'Annie' Thrives, Even In A Non-Equity Tour With Wrinkled Scenery

'Annie' Thrives, Even In A Non-Equity Tour With Wrinkled Scenery

Boy, this one was a struggle to write! Tuesday night's opening performance of the weeklong stand of the now and forever "Tomorrow" musical, "Annie," still on a national tour that dates back to 2005, was enough to make this reviewer take a very deep breath. On the one hand were the direction, choreography and design concepts of this production, all of which are by the same hands, or by the artistic heirs, of those geniuses who devised the original 1977 multiple Tony Award-winning Broadway production. On the other hand were the probably hardworking, possibly financially struggling adult cast members, a missing chorus boy or two, a reduced orchestra of seven in the enormous orchestra pit of the Auditorium Theatre of Chicago's Roosevelt University, and several Act Two backdrops which look like someone really should use a steamer to get the wrinkles out of poor ol' Daddy Warbucks' mansion walls. 

And yet, days later, with the melodies of "Maybe," "It's A Hard-Knock Life," "Little Girls," "I Think I'm Gonna Like It Here," "N.Y.C." "You're Never Fully Dressed Without A Smile," "Something Was Missing" and a half dozen other Charles Strouse tunes running incessantly through my head, and remembering the smiles of the faces of the little girls in the audience around me, my heart is warmed in knowing that the core of this comic strip backstory "creation myth" musical, the love that billionaire Warbucks and the little orphan Annie find for each other in the darkest days of the Great Depression, is not only fully touching and humanly true in this revival, but the whole thing is amazingly timely in this age of the Great Recession (especially in the need for Republicans and Democrats to come together once again and give this country a Deal through which it can thrive). 

Did I mention that Franklin Roosevelt and his cabinet are characters here, as are some "Hooverville" residents, wacky 1930s radio show performers, a houseful of perky servants and a dog named Sandy (played with absolute, on-cue perfection by Mikey)? And don't forget those seven adorable child actors, girls well-schooled in their roles but absolutely spot-on with their jokes, their bucket choreography and their energetic, nigh-on-to-piercing singing voices!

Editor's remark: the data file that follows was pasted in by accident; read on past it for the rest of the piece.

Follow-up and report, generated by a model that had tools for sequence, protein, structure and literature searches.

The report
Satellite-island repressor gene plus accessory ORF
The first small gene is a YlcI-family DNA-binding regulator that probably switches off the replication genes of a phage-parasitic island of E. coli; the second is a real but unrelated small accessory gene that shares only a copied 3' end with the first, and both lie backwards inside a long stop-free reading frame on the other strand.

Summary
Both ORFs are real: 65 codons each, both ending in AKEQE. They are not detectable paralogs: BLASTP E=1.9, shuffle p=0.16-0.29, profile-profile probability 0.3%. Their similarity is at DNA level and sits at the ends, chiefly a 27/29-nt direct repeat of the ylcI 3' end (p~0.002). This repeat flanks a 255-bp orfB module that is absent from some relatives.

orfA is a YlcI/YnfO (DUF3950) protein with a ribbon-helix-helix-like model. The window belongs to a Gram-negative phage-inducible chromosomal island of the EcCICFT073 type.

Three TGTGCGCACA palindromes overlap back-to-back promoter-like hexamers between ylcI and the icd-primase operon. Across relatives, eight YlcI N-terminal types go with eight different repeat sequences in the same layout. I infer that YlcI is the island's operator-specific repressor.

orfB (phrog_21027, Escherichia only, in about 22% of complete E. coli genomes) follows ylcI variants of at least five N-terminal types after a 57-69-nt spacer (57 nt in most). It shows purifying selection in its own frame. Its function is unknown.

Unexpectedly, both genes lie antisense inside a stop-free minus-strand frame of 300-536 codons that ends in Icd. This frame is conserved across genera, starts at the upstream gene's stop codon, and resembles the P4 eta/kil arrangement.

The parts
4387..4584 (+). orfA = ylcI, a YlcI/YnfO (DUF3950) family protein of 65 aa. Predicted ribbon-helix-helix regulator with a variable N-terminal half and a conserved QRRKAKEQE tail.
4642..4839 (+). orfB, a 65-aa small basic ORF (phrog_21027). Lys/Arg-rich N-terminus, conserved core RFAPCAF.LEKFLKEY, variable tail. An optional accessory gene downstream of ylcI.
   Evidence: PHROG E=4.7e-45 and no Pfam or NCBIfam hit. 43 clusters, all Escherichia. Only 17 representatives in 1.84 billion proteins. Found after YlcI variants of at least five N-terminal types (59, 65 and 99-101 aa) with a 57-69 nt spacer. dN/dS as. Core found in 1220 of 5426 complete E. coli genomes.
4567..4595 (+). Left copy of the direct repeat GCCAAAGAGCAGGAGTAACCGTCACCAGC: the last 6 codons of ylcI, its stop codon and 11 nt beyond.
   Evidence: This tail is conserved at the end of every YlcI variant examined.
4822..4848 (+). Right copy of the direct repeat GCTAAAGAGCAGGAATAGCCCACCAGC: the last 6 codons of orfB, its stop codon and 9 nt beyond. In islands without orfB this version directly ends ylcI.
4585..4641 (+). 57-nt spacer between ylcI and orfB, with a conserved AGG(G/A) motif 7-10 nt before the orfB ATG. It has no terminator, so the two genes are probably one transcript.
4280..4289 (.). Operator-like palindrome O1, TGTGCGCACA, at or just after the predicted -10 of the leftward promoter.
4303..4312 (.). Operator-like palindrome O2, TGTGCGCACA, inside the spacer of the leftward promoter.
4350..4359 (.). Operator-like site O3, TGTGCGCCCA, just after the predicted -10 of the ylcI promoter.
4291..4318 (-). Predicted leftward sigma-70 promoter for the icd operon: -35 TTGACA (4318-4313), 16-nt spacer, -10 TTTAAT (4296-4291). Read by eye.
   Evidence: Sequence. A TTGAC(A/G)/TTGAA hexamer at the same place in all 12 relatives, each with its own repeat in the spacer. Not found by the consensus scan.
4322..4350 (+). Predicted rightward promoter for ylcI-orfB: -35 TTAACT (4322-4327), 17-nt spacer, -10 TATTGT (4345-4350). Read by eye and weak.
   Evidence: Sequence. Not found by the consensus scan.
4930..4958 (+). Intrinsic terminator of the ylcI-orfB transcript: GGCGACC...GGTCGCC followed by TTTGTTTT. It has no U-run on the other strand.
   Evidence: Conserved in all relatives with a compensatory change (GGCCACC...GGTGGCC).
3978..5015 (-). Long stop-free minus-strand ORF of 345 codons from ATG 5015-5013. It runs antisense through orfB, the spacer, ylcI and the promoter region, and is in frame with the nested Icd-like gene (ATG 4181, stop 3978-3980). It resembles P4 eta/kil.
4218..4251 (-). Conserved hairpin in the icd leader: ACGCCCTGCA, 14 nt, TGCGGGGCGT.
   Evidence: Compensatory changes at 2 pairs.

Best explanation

Annie herself is played by Madison Kerth, who seems like a sweet, talented girl and who almost to a "T" embodies Annie's spunkiness, optimism and common sense street smarts. Oliver Warbucks is David Barton, who manages to create the role not as the blustery, out-of-touch gruff guy you might imagine, but as the way a young girl might wish such a man to be, a little silly and unsure, endearing and bumbly, and clearly in need of a daughter to romance him. And as Grace Farrell, the substitute mother of this nontraditional family, Traci Bair has an air of, well, of grace, class and smarts of her own. Does Warbucks warm up to her before the curtain falls? 

The villains of the piece come across less well, but who wants to root for the villains all the time? Lynn Andrews, a little young for the world weary Aggie Hannigan, has the voice of Dorothy Loudon, the body of Kathy Bates and the makeup of Carol Burnett, evoking all three of her most prominent predecessors in the role. Zander Meisner is oddly sexy as Rooster, though more effective in disguise as "Ralph Mudge" than as Miss Hannigan's con-artist brother. And Cheryl Hoffmann hits all the requisite squeals as Lily St. Regis, but doesn't land as outlandish as she should. The trio's "Easy Street" number seems rushed. 

Among the other cast members, most of the ensemble creates a series of well-etched characterizations, though Jillian Wallach doesn't come close to matching the Star To Be of Laurie Beechman (as if anyone could). Jeffrey B. Duncan's F.D.R. looks good (though is he a mite befuddled?), Kelly Goyette is great-looking as Mrs. Pugh and Secretary of Labor Perkins, and the Boylan Sisters of Katie Reid, Liz Bachman and Margaret-Ellen Jeffries sing great, look great, and chew that gum with gusto. 

This is not an exact facsimile of the show from 35 years ago, the one that gave the world Sarah Jessica Parker (Annie number three) and gave John Schuck several decades of steady work as Warbucks. But it certainly evokes it, and for that we should be grateful. The tour's Executive Producer is Kary Walker, who served in that same role up at the Marriott Lincolnshire Theatre during the 1980s and 90s--he certainly knows the family theater market in this region. 

There should probably always be a tour of "Annie" somewhere nearby, in time if not in space, for youngsters to go and enjoy and for us older folks to remember. In musical theater history this is a transitional work, still with a lot of scene changes and a big-seeming cast, but with a scaled down orchestra even then and a song that (though everybody knows "Tomorrow") never made the pop charts. It has not been "fixed" yet for new century audiences, but I suppose that time will come. Until then, wrinkled scenery and all, the lump still forms in the throat, and the ending is Christmas-bright. Celebrate "Annie," while you can.  

"Annie" plays only through January 24, 2010 at the Auditorium Theatre of Roosevelt University, 50 E. Congress Parkway, in Chicago. Tickets range from $20 to $75. Call the Broadway In Chicago Ticket Line at 800-775-2000 or visit www.BroadwayInChicago.com.

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From This Author Paul W. Thompson

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